Here’s Jack Englehard, of Indecent Exposure fame who more recently wrote the controversial The Bathsheba Deadline, also wrote this and more for Arutz Sheva.
All this, in 11 short years.
If you feel I have spelled out the situation well (which largely depends on whether what I’m reading and hearing is correct), your hair must be going grey just reading this. I don’t blame you, and I empathize with you! You have some big decisions to make, and not much time to make them. This is why I’ve written this post before graduation: To at least start the conversation, even though I may not know everything about it. I hope you can summon some composure to consider a few ideas, and the willingness to think a bit outside the box, not only for the sake of your children, but also for the sake of their future children and beyond.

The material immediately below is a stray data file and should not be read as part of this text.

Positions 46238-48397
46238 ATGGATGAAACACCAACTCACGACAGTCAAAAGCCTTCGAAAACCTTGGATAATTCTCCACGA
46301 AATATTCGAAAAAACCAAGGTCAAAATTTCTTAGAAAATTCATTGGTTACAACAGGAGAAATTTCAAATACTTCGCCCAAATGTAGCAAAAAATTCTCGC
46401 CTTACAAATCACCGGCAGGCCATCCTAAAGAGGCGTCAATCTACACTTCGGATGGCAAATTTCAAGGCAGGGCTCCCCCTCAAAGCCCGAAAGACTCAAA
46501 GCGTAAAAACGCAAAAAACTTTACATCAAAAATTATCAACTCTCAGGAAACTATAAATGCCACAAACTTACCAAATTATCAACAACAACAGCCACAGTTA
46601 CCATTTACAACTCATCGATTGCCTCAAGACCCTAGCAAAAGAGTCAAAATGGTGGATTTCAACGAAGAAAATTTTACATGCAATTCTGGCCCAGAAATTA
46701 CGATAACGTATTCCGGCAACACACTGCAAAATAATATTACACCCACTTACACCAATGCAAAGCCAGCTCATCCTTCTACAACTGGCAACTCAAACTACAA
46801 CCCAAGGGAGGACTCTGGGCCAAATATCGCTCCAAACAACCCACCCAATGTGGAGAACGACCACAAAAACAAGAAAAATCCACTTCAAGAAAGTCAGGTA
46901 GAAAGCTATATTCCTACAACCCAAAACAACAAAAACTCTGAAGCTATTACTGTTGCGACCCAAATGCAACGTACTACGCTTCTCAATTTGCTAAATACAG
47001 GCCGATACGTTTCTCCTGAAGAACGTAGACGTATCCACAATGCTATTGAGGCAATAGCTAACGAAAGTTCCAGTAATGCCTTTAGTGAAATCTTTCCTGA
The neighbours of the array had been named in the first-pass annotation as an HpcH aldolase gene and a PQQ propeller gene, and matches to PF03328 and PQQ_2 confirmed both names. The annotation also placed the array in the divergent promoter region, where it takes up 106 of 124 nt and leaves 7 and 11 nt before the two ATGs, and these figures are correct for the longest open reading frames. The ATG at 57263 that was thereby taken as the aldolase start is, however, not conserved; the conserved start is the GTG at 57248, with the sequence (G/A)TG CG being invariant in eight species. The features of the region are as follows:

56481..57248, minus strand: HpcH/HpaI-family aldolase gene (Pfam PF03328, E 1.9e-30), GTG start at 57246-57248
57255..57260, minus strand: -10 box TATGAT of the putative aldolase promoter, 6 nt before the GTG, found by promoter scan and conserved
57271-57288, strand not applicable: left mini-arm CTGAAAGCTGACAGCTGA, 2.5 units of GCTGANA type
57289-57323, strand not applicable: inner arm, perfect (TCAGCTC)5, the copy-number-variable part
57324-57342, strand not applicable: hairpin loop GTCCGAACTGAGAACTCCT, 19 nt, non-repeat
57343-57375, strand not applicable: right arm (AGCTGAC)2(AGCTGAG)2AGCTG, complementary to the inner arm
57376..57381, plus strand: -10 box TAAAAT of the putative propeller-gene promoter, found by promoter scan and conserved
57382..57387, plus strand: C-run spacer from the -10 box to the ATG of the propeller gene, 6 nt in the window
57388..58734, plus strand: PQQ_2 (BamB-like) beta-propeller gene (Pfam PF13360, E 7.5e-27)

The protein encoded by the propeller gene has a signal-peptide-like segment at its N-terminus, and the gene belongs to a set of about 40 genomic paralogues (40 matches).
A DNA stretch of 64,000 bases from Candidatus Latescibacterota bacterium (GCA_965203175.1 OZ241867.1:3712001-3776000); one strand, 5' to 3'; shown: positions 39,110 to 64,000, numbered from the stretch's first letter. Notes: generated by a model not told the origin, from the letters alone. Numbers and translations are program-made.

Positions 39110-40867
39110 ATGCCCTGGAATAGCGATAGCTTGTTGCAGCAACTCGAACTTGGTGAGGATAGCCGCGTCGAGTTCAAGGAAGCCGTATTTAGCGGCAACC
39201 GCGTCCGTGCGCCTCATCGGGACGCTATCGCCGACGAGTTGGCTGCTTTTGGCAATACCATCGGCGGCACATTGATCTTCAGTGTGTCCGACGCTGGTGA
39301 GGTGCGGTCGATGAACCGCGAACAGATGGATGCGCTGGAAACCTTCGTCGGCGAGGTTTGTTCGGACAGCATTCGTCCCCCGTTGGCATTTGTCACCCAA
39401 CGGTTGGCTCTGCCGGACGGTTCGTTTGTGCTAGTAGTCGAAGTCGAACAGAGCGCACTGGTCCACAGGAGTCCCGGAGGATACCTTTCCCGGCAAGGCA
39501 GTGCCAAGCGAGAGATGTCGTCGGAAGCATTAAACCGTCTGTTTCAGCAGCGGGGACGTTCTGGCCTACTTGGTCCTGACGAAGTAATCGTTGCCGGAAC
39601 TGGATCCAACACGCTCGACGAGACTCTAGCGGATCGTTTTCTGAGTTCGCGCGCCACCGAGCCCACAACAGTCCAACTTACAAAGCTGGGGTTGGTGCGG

If your high-schooler still has a year or more to go, you can take a breather for now; however, you still might want to follow me here.